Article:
An investigation of language learning agency in English for academic purposes: the case of the Malawi University of Science and Technology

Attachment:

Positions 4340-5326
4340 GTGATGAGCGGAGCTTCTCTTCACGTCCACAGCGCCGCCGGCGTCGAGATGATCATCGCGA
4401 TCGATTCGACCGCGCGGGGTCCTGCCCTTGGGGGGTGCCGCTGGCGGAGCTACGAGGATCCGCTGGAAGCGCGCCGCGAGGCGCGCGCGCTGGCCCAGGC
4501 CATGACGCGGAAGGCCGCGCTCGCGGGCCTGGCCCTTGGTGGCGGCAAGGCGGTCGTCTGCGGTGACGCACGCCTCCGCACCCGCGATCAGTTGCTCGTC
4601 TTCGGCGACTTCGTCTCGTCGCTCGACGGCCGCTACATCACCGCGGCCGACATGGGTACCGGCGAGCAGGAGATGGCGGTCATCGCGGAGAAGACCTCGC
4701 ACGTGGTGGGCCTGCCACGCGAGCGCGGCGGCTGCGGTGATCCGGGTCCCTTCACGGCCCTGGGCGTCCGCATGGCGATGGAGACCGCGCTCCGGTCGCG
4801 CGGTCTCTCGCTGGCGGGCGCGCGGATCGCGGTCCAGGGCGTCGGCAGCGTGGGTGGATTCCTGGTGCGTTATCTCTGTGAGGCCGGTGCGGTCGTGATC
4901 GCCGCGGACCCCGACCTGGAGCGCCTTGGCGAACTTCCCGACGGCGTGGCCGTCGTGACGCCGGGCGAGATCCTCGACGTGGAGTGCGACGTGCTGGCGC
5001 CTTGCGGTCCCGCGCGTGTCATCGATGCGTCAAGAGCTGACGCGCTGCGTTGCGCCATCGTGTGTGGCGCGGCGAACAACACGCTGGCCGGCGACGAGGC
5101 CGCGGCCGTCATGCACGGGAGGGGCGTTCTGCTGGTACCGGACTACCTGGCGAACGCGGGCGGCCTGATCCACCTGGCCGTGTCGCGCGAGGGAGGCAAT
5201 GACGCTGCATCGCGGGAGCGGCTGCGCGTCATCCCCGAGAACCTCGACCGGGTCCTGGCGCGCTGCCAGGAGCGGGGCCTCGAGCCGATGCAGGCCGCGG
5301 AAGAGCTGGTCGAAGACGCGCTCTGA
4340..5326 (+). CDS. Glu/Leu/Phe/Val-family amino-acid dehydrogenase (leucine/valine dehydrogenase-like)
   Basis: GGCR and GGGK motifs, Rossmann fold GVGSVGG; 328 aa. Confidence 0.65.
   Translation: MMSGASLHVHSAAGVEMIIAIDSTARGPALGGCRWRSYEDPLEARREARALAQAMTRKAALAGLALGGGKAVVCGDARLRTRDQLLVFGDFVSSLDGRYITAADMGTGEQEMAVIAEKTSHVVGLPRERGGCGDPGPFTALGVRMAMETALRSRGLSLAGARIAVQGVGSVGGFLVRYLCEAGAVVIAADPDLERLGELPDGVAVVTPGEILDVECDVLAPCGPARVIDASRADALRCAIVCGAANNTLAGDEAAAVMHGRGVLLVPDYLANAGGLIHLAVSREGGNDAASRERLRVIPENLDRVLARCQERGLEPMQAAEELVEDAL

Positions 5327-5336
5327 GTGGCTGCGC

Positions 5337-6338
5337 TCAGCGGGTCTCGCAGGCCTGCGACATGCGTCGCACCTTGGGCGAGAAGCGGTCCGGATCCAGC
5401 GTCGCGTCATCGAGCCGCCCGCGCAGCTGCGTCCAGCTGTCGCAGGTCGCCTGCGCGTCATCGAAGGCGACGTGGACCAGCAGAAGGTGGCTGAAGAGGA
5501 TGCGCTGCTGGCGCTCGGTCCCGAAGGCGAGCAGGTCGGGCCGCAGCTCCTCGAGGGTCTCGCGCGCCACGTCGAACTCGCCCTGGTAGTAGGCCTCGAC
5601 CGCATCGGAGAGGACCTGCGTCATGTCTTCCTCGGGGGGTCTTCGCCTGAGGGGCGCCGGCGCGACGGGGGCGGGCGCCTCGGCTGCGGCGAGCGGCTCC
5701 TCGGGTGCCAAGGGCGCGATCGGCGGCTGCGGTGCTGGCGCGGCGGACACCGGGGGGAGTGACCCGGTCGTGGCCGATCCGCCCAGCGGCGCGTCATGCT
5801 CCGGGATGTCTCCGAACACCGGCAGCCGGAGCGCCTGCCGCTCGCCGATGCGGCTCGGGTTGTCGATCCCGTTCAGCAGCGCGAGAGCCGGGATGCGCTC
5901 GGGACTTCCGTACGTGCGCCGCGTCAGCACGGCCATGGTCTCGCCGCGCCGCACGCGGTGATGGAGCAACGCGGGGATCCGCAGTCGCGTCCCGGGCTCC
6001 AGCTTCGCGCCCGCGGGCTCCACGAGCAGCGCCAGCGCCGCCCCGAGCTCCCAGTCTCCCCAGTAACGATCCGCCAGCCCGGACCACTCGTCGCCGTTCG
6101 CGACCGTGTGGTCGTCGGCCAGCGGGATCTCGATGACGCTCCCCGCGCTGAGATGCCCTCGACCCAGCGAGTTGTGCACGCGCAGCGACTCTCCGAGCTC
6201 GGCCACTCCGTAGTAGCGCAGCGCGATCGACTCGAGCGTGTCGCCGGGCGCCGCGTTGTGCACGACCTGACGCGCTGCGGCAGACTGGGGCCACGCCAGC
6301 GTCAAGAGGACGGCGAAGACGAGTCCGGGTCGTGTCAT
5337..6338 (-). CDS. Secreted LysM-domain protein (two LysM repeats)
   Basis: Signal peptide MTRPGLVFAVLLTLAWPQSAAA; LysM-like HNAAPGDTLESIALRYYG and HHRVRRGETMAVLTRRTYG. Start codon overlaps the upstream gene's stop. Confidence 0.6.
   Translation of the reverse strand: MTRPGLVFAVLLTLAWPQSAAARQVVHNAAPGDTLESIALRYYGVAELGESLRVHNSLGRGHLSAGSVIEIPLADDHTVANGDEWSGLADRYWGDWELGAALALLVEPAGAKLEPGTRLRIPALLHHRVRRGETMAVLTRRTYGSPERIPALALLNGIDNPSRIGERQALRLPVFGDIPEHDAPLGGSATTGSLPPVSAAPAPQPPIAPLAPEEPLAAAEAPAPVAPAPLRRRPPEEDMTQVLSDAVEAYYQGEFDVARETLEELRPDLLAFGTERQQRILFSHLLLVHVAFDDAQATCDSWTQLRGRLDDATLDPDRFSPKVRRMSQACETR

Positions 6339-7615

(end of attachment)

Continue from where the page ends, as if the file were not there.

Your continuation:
There is general recognition regarding the importance of English for Academic Purposes (EAP) courses in assisting students acquire academic discourses appropriate to specific disciplines of study. However, undergraduate students in multilingual contexts, where English is a second or foreign language face challenges in managing the transition from secondary school into the university, where they are expected to appropriate as well as acclimate to new discourses of communication deemed to be essential for their survival in the academic world. Although studies show the importance of agency in language learning success, institutional demands have sometimes led to the adoption of teaching and assessment practices that ignore the learners’ English language learning history, background, experiences and needs, which impact on their sense of agency and voice in the EAP classroom and eventually their learning success. The study investigates whether the EAP course at the Malawi University of Science and Technology (MUST) can engender agency and voice among first year undergraduate students transitioning into the University from community day secondary schools (CDSSs). It aspires to generate an understanding of the strong link that exists between institutional orientation to EAP, course design and pedagogical practice on the one hand and learner agency, voice and multiple meaning making in the EAP classroom on the other. Anchored theoretically in critical pedagogy (Freire, 1970), ecological affordances (van Anchored theoretically in critical pedagogy (Freire, 1970), ecological affordances (van Lier, 2000, 2004) and positioning (Davies & Harré, 1999), the study argues for EAP pedagogy that provides affordances, empowers and positions transitioning students for critical learning by deliberately making multiple meaning making, agency and voice the mainstays of course design and instruction. The investigation uses a qualitative case study methodology centred on understanding affordances for agency and voice in EAP learning, manifestations of and the factors influencing voice and agency from the perspectives of first-year undergraduate students transitioning from community day secondary schools (CDSSs) and EAP course lecturers. Collection of data involved semester-long observation of 44 EAP lecture sessions of roughly 2 hours each duration, as well as interviews with participant students and course lecturers, and analysis of documents. The findings indicate that design and pedagogical practice in the current EAP course at MUST fail to adequately engender agency and voice among students and to promote learner empowerment or encourage multiple meaning making in and outside the classroom. The entire study has generated some insights for advancement of critical EAP learning that can engender voice and agency, including the need for EAP to deliberately build in and promote learner empowerment, multiple meaning making and negotiation in order to move towards pedagogy that is appropriate for critical learning, voice and agency, the need for EAP to move away from closure-focused teaching, learning and assessment, the need for enhancement of EAP course lecturers’ critical awareness of the world views and inherent assumptions surrounding various approaches to EAP pedagogy, the need for enrichment of EAP learning environments with semiotic resources for learner engagement for agency, voice and multiple meaning making, the need for learning spaces that are enabling for students to identify and utilize affordances for EAP learning beyond the classroom, and the need for exploration of PowerPoint and related technologies for EAP instruction beyond current use as tools for transmission of content to students.